The interface between the physical sciences and the living cell is one of the most exciting and rapidly developing areas in science, and it is at the heart of the Biological Structures and Systems Signature Theme. LAS has a large ongoing research effort in structural biology and biophysics, with strong faculty in several departments, including the departments of BBMB, Chemistry, GDCB, and Physics and Astronomy, and involving well-established interdisciplinary collaborations among biological, computational and physical scientists.
With the new hires we seek to expand existing collaborations by adding specific state-of-the-art imaging and spectroscopy capabilities, along with theoretical and computational expertise for rational macromolecular design. These new hires will allow us to advance into a genuine scientific frontier: charting a quantitative roadmap of the living cell.
Researchers will join established faculty using single molecule biophysics, x-ray crystallography of membrane proteins, NMR and EPR in biological systems, cell and developmental biology, bioinformatics and computational biology. They will have access to ISU’s existing capabilities, such as the Microscopy and NanoImaging Facility, and may be eligible for support through the $7.5 million Roy J. Carver Charitable Trust Initiative in Biomolecular Structure. They will also form part of ISU’s unique research capabilities and expertise in the biological and physical sciences.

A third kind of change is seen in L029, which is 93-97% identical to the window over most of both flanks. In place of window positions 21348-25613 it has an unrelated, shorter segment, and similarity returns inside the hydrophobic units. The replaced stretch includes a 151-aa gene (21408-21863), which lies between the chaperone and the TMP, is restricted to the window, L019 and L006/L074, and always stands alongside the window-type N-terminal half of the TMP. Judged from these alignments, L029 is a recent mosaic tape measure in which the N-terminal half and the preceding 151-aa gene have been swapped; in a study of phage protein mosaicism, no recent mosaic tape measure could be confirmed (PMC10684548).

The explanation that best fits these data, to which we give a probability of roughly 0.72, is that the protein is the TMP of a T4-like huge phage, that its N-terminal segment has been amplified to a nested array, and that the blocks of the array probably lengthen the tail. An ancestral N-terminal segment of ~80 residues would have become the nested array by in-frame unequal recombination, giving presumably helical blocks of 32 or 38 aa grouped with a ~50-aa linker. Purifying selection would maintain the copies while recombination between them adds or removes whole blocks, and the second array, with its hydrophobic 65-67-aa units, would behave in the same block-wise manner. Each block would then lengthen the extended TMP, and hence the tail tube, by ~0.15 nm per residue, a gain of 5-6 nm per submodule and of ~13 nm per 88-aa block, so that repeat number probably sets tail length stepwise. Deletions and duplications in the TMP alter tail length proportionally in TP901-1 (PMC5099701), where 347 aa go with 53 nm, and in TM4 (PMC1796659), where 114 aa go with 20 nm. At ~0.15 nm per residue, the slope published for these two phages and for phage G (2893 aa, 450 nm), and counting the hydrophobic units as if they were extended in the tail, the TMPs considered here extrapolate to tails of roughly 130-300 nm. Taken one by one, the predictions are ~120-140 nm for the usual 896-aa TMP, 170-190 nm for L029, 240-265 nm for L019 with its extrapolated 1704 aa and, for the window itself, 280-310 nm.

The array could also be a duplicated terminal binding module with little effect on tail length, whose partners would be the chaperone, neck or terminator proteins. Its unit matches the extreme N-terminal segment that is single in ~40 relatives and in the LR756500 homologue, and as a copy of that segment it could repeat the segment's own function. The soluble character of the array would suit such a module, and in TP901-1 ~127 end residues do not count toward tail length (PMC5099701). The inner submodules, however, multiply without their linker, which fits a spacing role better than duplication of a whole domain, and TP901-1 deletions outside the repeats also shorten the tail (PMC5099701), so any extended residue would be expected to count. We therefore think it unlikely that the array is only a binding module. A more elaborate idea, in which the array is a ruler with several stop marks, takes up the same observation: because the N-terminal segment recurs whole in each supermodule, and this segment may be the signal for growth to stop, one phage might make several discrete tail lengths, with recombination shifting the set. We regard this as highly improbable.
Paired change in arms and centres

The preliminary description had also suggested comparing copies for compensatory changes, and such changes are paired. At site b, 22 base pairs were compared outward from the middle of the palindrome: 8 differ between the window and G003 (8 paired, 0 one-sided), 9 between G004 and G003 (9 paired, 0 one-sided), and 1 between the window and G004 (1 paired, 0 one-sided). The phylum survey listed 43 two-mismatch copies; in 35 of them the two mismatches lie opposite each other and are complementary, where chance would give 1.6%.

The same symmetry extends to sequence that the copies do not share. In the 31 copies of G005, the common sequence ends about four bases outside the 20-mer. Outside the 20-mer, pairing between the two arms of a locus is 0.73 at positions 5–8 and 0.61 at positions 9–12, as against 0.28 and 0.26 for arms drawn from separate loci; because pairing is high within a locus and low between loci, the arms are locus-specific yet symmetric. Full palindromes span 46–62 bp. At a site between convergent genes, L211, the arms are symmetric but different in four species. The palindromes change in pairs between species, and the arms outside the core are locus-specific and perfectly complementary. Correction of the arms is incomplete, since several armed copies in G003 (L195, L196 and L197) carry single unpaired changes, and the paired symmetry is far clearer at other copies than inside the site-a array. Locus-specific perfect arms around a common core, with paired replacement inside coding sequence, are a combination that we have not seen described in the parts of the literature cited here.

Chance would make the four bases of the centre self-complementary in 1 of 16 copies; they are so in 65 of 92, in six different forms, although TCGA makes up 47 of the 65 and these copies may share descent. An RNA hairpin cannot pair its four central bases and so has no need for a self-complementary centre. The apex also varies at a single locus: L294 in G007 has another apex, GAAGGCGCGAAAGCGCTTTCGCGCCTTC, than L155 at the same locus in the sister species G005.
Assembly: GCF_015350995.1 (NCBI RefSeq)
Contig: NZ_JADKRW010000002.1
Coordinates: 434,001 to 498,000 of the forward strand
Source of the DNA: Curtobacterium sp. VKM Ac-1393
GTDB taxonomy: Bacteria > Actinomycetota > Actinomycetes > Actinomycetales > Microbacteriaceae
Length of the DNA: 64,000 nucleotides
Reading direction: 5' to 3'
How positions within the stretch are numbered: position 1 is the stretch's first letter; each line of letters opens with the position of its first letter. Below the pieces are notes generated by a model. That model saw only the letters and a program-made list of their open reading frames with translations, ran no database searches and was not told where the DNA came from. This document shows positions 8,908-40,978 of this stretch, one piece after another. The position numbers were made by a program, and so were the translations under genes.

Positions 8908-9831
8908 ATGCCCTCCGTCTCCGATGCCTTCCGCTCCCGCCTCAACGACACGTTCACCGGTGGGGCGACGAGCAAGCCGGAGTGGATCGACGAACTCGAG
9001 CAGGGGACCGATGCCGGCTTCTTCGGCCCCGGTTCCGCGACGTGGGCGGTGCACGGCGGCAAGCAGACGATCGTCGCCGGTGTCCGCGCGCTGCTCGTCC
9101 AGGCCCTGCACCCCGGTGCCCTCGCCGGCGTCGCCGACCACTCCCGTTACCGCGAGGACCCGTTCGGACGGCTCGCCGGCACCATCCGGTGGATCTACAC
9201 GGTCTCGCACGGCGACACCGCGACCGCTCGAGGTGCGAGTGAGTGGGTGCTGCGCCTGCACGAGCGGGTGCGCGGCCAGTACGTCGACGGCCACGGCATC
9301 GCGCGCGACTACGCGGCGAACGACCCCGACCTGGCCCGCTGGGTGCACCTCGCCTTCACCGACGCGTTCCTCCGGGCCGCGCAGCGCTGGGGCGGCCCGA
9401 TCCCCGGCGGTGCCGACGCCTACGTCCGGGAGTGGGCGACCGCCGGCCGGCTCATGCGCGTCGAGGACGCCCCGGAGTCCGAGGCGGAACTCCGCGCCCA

About the LAS Interdisciplinary Hiring Initiative
To support the growth of collaborative research, we have defined five Signature Themes which outline broad priority areas for research and scholarship in the College. Guided by these five themes, hiring in the college strikes a balance between serving core departmental research and teaching needs and sustaining and growing our international reputation in four selected focus areas through a major interdisciplinary hiring initiative.
In each of the following four areas, we will hire at least 4-6 faculty, over the next 2-3 years. Building on existing strengths, this will allow us to grow internationally competitive groups quickly.
These are exciting opportunities to work with established researchers and superb junior faculty and define the future direction of a major research area.